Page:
Lessons Learned from a Palmersville Legend
By Nelda Rachels (first published in Hometown
In 1975, I was fortunate to move to Palmersville,
just up the hill from Opal Mayo and her husband,
Soon, I was pulling my two young children in their
little red Flyer down the road to her farmhouse for
occasional visits. Mr. Mayo would die soon after
this, but I would get to know well "Mrs. Opal," a
woman of near legendary proportions, who lived in or
near the Palmersville community from 1906 to 1987. It
was at her home that I learned the lessons of
hospitality, frugality, and piety, which were
hallmarks of her character.
Like most women of her generation, she immediately
wanted to ply my children and I with food or drink the
moment we entered her home. She would have,
proverbially speaking, killed the fatted calf to
fulfill her notion of hospitality. However, there was
never any need for such extreme measures because her
larder was always full. So one of the first lessons
she taught (and the hardest to learn) was to prepare
ahead for visitors. I learned that everything she'd
prepared had been made in the time-honored fashion (by
scratch) and that she often made her pies, cookies,
and cakes in multiples so that not a bit of oven heat
would be wasted.
That frugality, to utilize every kilowatt, may be the
most legendary aspect of her character and perhaps the
one I most admire in this age of excess. The old
adage, "Use it up, wear it out, make it do, or do
without," was her life's motto. I think because she'd
grown up during hard times, she knew that what you had
today could be gone tomorrow. I remember the day she
dug up some of her Red Emperor tulip bulbs to share
with me. She saw me looking at her shovel, its edge
worn away to resemble the eastern border of Tennessee.
"Maybe you think I need a new one," she said,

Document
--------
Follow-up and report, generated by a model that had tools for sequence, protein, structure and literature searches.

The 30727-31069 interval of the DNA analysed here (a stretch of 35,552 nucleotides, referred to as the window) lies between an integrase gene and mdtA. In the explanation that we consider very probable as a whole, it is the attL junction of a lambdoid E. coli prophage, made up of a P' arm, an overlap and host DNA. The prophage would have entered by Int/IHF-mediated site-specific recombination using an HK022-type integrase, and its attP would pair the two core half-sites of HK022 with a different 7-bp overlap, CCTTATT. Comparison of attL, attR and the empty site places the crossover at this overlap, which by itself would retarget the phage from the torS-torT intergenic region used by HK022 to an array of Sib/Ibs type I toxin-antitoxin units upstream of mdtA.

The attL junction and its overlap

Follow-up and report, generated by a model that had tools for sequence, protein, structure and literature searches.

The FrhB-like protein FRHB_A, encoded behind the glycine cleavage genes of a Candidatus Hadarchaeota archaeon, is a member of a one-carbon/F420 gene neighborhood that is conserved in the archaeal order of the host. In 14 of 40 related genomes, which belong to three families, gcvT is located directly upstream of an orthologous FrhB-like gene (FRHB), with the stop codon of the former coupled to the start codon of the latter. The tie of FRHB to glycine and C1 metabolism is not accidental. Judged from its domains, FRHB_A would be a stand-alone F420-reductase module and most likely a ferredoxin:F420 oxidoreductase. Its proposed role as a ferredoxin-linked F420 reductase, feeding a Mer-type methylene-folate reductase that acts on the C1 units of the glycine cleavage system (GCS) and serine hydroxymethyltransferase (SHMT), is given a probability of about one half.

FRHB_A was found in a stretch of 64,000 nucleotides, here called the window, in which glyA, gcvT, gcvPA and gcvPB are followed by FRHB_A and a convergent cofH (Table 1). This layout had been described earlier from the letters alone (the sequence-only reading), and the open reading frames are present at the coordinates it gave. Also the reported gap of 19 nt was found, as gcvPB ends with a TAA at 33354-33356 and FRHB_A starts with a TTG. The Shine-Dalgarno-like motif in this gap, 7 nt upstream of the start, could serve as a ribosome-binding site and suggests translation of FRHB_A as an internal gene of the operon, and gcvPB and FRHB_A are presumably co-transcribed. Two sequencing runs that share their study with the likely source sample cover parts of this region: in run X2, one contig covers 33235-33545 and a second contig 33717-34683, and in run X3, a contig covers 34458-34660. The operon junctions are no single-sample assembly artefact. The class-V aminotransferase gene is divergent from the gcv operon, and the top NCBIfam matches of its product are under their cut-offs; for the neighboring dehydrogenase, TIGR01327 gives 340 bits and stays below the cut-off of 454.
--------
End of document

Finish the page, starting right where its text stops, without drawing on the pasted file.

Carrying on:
laughing. "Irvin used it settin' trees while he was
in the CCC during the Depression, but it's not so worn
out that it can't dig up a few tulips yet."
Mrs. Opal's piety was also legendary. She attended
the Palmersville Church of Christ and never missed a
service that I remember. Even when she was actually
"unable" to drive, she drove to church anyway, too
independent and strong-willed to ask anyone for a
lift. And despite a lifetime of listening to sermons,
I think she rarely let her mind wander because she
always took notes on every sermon in a stenographer's
notepad. In addition, she never engaged in gossip,
read her Bible "religiously," and filled a large block
calendar with information as to meeting times,
preachers, and VBS dates.
Those yearly calendars also held information as to
visitors, events, and weather. Once, I glimpsed a
stack of yellowing calendars in an upstairs room. I'm
sure one of them held information about the Dust Bowl
years, the time when she bought one of her few cans of "store-boughten" corn.
I guess I was a bit disappointed when no auction was
held after Mrs. Opal's death. I only wanted to bid on
that shovel, which, for me, most represented Mrs.
Opal's history and character. I'd be tempted to hang
it near my mantel as a testament to her life.
However, I think she'd be more pleased if I used it.
No doubt, she'd say there is life in that old shovel